U.S.: Efforts to Combat Human Trafficking and Slavery
Human Rights Watch Testimony Before the U.S. Senate Judiciary Committee
Wendy Patten, HRW's U.S. Advocacy Director, testifies to the U.S. Senate about Human Rights Watch's work on Human trafficking worldwide and makes suggestions as to how the U.S. government can better prosecute traffickers and protect victims of trafficking in the United States.
Statement of Wendy Patten, U.S. Advocacy Director
Testimony Before the Senate Committee on the Judiciary Subcommittee on the Constitution, Civil Rights, and Property Rights
Mr. Chairperson and Members of the Subcommittee,
Thank you for inviting me to provide testimony on behalf of Human Rights Watch on efforts to address trafficking in persons in the United States. It is an honor to testify before you today. My colleagues and I at Human Rights Watch thank you for focusing on this important human rights problem.
For over a decade, Human Rights Watch has documented and monitored trafficking of persons around the world. We have published reports on trafficking of women and girls from Burma to Thailand, Nepal to India, Thailand to Japan, Eastern Europe to Greece, and countries of the former Soviet Union and Eastern Europe to post-conflict Bosnia and Herzegovina. Our recent reports have documented trafficking of children for domestic and agricultural labor in West Africa, focusing on Togo, and trafficking of Bhutanese refugee women from refugee camps in Nepal. In 2001, we reported on the abuse of domestic workers with special employer-based visas in the United States.
Trafficking flourishes throughout the world, aided by corruption and neglect by states. Seeking better lives and opportunities, trafficking victims migrate only to find themselves trapped in debt bondage, forced labor, and slavery-like conditions. The United Nations has estimated that 700,000 people are trafficked into forced labor and forced prostitution around the world each year. Recent U.S. government estimates (600,000 to 800,000) are consistent with this figure.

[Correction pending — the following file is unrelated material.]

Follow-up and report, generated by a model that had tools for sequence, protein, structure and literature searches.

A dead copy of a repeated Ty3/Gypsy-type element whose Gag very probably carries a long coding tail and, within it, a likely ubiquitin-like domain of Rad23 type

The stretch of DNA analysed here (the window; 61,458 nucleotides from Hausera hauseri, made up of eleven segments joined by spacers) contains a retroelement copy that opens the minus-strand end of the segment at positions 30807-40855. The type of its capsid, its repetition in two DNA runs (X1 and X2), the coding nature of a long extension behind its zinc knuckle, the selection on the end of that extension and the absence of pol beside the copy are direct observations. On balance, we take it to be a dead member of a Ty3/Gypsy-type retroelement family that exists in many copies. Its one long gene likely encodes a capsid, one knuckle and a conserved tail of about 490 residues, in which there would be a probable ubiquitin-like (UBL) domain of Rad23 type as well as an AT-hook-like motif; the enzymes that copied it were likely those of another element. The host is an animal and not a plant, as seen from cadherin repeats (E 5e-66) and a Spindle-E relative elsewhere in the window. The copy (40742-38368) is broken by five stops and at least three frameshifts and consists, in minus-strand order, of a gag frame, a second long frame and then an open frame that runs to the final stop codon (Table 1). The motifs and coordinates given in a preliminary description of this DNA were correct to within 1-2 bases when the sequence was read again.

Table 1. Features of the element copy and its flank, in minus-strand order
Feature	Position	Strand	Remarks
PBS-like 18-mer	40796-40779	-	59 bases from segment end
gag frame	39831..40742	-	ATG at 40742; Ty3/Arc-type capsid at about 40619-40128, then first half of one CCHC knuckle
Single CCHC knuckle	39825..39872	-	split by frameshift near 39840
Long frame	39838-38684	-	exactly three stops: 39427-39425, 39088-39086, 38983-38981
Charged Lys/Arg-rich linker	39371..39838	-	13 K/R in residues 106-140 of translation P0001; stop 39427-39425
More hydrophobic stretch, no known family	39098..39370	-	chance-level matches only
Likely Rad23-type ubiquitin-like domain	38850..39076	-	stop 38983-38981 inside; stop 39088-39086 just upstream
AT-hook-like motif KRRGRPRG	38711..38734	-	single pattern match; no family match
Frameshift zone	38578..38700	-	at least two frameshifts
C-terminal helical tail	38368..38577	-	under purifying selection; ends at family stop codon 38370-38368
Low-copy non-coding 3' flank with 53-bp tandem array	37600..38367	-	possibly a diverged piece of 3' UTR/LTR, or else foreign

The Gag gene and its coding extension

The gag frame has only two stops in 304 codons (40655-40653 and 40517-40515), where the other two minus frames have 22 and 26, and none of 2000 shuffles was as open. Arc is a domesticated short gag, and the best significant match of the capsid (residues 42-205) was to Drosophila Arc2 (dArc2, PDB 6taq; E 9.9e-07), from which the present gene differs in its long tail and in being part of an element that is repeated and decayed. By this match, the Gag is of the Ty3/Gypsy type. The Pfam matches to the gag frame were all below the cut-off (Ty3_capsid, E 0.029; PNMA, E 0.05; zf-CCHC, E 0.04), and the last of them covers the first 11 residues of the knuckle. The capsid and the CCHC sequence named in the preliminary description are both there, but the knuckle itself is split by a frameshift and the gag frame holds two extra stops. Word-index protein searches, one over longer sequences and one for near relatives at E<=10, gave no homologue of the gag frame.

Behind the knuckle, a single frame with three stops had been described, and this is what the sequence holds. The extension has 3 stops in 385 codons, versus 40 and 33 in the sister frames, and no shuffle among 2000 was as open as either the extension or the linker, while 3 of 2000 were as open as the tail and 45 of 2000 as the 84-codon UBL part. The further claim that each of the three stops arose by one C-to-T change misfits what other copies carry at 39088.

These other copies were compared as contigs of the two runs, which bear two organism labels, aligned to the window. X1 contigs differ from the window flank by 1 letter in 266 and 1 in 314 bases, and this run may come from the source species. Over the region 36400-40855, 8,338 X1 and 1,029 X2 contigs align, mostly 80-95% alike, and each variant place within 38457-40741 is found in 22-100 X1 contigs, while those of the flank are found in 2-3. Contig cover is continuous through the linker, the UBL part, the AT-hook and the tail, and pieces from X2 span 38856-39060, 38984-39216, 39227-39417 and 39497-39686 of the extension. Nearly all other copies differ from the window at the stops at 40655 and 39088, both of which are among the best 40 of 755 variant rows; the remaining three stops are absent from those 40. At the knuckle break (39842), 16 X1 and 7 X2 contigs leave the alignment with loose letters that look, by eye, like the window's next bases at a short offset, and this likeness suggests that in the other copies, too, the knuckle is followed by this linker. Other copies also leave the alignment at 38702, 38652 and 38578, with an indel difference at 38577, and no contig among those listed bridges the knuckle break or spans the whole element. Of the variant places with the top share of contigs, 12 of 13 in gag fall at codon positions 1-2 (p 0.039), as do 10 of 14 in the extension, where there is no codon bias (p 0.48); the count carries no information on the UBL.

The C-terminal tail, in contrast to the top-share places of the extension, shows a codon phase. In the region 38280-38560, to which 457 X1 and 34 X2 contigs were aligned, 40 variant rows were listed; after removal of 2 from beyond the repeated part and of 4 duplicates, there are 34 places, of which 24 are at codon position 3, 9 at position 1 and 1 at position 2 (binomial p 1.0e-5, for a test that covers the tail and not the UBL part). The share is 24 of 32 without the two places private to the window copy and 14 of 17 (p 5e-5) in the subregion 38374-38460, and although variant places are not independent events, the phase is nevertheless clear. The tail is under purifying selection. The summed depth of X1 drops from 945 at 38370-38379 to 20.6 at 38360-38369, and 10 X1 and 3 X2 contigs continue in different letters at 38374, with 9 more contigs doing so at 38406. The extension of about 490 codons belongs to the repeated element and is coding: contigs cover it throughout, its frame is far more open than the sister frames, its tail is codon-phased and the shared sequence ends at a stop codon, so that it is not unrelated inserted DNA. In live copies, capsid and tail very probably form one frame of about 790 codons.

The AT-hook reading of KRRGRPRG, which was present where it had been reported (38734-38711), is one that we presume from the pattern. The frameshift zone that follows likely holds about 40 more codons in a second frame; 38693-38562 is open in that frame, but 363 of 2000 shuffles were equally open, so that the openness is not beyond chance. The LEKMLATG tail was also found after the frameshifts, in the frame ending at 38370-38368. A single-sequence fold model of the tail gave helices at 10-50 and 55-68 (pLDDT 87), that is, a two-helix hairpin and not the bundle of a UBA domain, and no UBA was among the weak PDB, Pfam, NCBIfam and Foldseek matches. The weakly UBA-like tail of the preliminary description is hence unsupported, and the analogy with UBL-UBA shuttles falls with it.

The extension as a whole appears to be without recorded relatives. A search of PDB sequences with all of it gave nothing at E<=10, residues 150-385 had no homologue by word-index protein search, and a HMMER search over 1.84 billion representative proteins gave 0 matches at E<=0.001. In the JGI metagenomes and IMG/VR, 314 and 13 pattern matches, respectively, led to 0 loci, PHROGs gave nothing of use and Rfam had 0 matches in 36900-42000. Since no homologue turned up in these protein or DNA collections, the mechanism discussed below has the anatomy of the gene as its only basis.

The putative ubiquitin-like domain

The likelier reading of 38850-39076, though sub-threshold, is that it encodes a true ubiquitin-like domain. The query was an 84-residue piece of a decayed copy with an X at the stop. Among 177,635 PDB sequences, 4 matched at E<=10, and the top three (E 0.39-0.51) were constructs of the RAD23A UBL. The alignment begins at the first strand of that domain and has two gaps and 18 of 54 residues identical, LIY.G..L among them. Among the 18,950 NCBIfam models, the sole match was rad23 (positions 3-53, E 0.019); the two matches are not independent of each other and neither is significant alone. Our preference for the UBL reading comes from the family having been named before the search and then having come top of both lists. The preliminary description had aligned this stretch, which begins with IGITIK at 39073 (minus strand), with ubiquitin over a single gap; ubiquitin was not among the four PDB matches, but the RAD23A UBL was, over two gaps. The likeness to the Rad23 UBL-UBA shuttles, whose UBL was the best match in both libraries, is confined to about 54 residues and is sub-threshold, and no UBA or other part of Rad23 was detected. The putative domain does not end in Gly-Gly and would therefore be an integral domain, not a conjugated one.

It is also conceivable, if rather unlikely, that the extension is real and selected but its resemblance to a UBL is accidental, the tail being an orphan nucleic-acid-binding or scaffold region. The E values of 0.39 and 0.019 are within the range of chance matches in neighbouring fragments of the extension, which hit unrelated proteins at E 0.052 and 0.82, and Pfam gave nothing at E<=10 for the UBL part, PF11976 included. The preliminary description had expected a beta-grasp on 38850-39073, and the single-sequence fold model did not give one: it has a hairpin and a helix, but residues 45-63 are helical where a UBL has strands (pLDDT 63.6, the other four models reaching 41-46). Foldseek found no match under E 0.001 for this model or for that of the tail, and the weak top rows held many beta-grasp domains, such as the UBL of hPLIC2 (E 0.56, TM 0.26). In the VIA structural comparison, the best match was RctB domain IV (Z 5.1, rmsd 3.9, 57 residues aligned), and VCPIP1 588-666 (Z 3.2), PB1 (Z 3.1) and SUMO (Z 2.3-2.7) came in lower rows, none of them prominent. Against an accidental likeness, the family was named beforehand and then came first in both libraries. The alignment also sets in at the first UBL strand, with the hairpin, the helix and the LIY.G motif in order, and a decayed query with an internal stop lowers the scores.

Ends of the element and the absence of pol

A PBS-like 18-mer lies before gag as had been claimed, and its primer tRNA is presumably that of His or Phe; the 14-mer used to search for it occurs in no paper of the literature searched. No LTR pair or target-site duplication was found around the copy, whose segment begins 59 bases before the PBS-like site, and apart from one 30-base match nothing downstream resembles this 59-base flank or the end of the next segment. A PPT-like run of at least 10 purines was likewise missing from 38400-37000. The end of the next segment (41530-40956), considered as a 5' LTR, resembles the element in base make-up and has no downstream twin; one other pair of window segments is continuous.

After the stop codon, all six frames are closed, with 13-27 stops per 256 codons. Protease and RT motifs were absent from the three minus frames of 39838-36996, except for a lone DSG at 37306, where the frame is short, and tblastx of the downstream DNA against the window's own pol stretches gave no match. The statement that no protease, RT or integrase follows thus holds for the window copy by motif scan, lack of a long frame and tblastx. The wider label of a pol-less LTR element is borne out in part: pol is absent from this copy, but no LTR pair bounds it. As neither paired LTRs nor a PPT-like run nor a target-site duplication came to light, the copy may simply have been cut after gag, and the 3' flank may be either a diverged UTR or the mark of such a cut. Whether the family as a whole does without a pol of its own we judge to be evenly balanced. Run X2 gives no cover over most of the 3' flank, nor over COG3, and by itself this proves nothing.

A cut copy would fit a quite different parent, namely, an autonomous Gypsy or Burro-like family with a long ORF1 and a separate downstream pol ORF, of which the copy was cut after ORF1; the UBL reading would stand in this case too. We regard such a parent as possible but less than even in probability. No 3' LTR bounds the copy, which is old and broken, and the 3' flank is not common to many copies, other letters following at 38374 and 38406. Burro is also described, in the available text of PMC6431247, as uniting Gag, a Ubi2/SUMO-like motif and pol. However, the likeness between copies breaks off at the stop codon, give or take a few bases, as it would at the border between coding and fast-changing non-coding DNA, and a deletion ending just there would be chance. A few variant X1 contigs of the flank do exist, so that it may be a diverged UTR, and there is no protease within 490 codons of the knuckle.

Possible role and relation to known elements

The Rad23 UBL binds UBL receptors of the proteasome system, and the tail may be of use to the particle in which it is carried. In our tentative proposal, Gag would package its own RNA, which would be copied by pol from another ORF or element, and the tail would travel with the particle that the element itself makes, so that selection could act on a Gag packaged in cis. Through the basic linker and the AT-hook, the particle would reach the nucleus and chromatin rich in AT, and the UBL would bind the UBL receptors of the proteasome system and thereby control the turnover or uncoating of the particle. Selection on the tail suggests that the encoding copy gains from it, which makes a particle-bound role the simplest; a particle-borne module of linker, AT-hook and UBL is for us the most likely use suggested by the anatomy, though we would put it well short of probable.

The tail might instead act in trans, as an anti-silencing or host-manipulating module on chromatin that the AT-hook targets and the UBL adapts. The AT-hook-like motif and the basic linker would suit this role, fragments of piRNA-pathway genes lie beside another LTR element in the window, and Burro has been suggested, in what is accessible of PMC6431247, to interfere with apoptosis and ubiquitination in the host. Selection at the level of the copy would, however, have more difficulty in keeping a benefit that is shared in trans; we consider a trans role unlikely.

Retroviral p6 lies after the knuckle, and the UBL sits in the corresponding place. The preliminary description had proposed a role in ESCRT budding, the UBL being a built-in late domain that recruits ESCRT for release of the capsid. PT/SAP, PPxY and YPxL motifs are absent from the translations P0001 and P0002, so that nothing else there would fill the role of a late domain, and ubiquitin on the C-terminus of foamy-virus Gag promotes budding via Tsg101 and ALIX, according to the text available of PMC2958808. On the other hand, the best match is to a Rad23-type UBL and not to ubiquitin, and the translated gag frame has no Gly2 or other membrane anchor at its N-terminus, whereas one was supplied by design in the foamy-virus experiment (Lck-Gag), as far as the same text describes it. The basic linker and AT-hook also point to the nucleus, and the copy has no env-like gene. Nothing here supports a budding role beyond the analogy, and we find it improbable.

In researching trafficking, Human Rights Watch has relied since December 2000 on the international standard that defines trafficking as set forth in the Protocol to Prevent, Suppress and Punish Trafficking in Persons, Especially Women and Children, Supplementing the United Nations Convention Against Transnational Organized Crime (Trafficking Protocol). In Article 3(a), the Protocol defines trafficking in persons as:
The recruitment, transportation, transfer, harboring or receipt of persons, by means of threat or use of force or other forms of coercion, of abduction, of fraud, of deception, of abuse of power or of position of vulnerability or of the giving or receiving of payments or benefits to achieve the consent of a person having control over another person, for the purpose of exploitation. Exploitation shall include, at a minimum, the exploitation of the prostitution of others or other forms of sexual exploitation, forced labor or services, slavery or practices similar to slavery, servitude or the removal of organs.
The Trafficking Protocol gives governments a framework for providing human rights protections to victims of trafficking, including medical and psychological care, appropriate shelter, legal assistance, protection and safety, temporary residence, and safe repatriation.
Like the Trafficking Protocol, the U.S. Trafficking Victims Protection Act of 2000 covers all forms of trafficking. As our research has shown, trafficking occurs for a variety of pernicious purposes, ranging from bonded labor to forced prostitution. Women, men, girls, and boys are trafficked and forced to work or provide services in or on farms, factories, restaurants, homes, brothels, and bars. Despite the varied settings into which people are trafficked, the common element in all trafficking cases is the ongoing violation of the person. The goal of traffickers is to exert total control over the victim in order to extract labor or services from him or her. Traffickers around the world use a common set of tactics to trap their victims in exploitative situations: physical force, threats of physical force, deception, fraud, intimidation, isolation, debt bondage, threats of deportation, and threats to family members. It is vital for the U.S. government to address trafficking in all of its horrific forms.
Trafficking in persons is in many ways a quintessential 21st century crime problem. In an era of globalization and enhanced technology, small networks of criminals can operate internationally, preying on those who would migrate in search of work or a better life and subjecting them to horrible abuse. As governments map out anti-trafficking strategies, they must see this problem not only in law enforcement terms, but in human rights terms. They need to understand that trafficking in persons is a serious human rights issue, and that governments have an obligation to protect victims and to provide redress. This obligation is firmly rooted in human rights principles.